Inclusive Development: Role of Employment and Environment
INET-YSI and IPP, NLSIU conference
March 28 - 30 2023
Inclusive development especially the role of employment opportunities in a changing world of work and the environment in envisioning inclusiveness
Register by 15th of March.
Apply before: 3/16/23, 00:00
The program will include contributions from senior academicians, policy makers and legal professionals as well paper-presentations from selected young scholars from across the subcontinent.
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Invitation to keynote:
RSVP form https://ysiproject.org/jens
About the conference
The Institute for New Economic Thinking (INET) and its Young Scholars Initiative (YSI), in collaboration with Institute of Public Policy, NLSIU are organising a three-day conference. The conference will focus on inclusive development, especially the role of employment opportunities in a changing world of work and the environment in envisioning inclusiveness.
Inclusive growth has been evoked in government plans and policy briefs across developing and developed countries over the last decade. While there is still limited consensus in the academic discourse on what constitutes ‘inclusiveness’, it is nearly universally accepted that it is desirable. Further, there has been a call for inclusive development going beyond assessment of poverty, economic inequality, and employment opportunities. Dimensions included in inclusive development can span from labour productivity and infrastructure to intergenerational equity and sustainability. The conference proposes to explore this idea further by discussing desirable growth outcomes that ought to be considered indispensable to inclusive development.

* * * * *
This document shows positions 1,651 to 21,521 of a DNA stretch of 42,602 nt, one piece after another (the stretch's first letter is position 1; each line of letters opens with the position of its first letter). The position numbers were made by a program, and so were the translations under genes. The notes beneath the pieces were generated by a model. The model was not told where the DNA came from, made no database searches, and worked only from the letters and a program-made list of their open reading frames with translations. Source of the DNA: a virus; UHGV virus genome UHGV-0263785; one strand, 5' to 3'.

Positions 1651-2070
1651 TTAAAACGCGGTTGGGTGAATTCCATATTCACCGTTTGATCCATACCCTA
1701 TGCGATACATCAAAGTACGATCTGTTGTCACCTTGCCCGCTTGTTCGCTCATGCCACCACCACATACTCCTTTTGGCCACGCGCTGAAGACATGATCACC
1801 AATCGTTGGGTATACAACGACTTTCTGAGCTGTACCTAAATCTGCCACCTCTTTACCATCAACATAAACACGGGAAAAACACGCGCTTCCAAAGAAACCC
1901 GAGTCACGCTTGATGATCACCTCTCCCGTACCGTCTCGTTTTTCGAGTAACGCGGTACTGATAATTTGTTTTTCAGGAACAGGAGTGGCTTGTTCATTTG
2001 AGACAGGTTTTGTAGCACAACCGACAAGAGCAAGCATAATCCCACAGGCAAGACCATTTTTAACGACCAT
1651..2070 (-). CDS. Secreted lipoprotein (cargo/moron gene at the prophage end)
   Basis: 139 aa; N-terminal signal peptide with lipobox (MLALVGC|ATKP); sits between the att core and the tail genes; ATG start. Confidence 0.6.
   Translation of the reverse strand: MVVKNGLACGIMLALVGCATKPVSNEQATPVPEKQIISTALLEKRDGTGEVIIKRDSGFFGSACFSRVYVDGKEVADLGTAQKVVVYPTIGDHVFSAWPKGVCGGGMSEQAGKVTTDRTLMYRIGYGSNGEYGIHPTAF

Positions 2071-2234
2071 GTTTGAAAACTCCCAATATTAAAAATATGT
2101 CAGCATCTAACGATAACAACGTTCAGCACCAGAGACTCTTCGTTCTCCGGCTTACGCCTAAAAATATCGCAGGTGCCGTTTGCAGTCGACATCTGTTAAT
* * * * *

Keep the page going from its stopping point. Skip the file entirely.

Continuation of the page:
- How do capability enhancing services (such as access to health and education) affect inclusiveness and how inclusive have these services been?
Technological advancements are creating several changes in the world of work and also contributing to the uncertainty of inclusiveness of growth. Risk of social exclusion is aggravated since advancements (such as automation, industrial robots and Artificial Intelligence) are likely to bring new jobs, but those who lose their jobs in this transition may lack new opportunities. The loss may even be larger in emerging economies and may allow them to vault certain stages of development and new job creation. Despite the significant benefits, countries face several challenges associated with rapid technological progress in the production process. Many of these challenges are the same in both developed and developing economies, but differences in institutional set up, international trade patterns and demographic patterns may result in a greater threat for the emerging world. The aim of this conference is to explore the benefits and risks brought by the adoption of automation and Artificial Intelligence (AI) in the production process from the perspective of emerging economies. The conference will discuss the key challenges brought by automation and AI in the labour market with a special focus on workers from disadvantaged castes, ethnic minorities, and gender to ensure inclusive development. In addition, the conference encourages papers on the following topics:
- How technological change may impact the job quality and working conditions in the emerging countries?